New York

Jon Kessler

Luhring Augustine | Chelsea

Jon Kessler’s theatrical son-et-lumière contraptions do not advance theses; they are not, even in today’s loose parlance, “conceptual.” Though many of his works include elements that allude to technology, TV, sci-fi, and kitsch, it would be a serious mistake to locate their earnest gee-whiz tone within the media and commodity discourses that dominated art practice in the ’80s. To suggest that, because Kessler relies on mechanical apparatuses in his works, they are hence “about” technology, the myth of progress, or the postindustrial era would be fatuous—rather like saying that because Bernini used marble his sculptures must be about geology. Kessler deploys his special effects either as displays of wit or as incitements to reverie.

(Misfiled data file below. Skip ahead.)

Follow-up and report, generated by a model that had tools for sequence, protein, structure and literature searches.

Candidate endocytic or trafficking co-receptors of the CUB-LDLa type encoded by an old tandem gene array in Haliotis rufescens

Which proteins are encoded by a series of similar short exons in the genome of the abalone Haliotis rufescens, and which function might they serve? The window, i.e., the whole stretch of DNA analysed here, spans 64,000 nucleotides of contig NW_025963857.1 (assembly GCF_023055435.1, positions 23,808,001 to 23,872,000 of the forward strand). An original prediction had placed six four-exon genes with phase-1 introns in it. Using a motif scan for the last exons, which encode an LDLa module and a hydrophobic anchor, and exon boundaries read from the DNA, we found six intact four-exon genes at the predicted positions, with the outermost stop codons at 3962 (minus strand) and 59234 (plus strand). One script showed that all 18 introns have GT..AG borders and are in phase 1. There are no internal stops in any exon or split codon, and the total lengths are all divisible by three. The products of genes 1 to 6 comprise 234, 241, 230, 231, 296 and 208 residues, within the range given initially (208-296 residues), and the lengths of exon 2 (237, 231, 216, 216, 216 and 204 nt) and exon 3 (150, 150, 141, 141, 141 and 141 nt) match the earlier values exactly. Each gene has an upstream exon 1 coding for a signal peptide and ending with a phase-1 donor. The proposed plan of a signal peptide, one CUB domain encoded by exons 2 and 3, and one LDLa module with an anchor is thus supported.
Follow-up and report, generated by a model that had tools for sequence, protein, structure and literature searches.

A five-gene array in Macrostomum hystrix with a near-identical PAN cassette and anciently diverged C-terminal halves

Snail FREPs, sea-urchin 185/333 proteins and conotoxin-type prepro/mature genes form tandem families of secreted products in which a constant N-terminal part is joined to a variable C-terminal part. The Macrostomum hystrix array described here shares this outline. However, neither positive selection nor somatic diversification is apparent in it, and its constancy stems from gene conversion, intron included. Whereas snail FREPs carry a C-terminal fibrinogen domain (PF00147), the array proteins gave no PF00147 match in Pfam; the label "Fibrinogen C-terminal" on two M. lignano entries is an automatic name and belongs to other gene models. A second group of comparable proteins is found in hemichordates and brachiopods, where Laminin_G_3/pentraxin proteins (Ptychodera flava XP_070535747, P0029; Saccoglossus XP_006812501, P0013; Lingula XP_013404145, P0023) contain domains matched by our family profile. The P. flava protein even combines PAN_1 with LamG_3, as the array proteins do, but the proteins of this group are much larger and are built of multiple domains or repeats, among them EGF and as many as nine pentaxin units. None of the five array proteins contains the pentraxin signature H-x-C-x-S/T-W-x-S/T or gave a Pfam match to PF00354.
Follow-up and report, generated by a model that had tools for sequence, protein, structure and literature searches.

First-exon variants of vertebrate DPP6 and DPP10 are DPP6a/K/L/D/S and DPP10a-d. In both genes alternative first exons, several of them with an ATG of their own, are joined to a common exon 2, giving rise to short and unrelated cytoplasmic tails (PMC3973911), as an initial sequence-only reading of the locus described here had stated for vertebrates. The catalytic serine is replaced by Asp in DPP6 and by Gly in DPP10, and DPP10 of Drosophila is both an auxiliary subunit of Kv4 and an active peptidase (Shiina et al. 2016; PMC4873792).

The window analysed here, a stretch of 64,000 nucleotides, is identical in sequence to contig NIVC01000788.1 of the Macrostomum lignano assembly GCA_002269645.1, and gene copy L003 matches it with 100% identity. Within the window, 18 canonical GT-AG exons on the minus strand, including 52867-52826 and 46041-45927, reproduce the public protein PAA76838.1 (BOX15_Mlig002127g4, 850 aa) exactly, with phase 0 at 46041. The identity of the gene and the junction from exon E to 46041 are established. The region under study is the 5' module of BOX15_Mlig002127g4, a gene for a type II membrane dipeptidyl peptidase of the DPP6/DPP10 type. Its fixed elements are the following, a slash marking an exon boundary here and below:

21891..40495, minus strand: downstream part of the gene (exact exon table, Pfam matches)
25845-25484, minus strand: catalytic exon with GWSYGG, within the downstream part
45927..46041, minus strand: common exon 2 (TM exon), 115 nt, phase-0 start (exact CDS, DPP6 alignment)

For all its old-fashioned, antiquey charm, the lumbering, complicated-looking dinosaur Arts et Métiers (Arts and sciences, 1989), which features, among other

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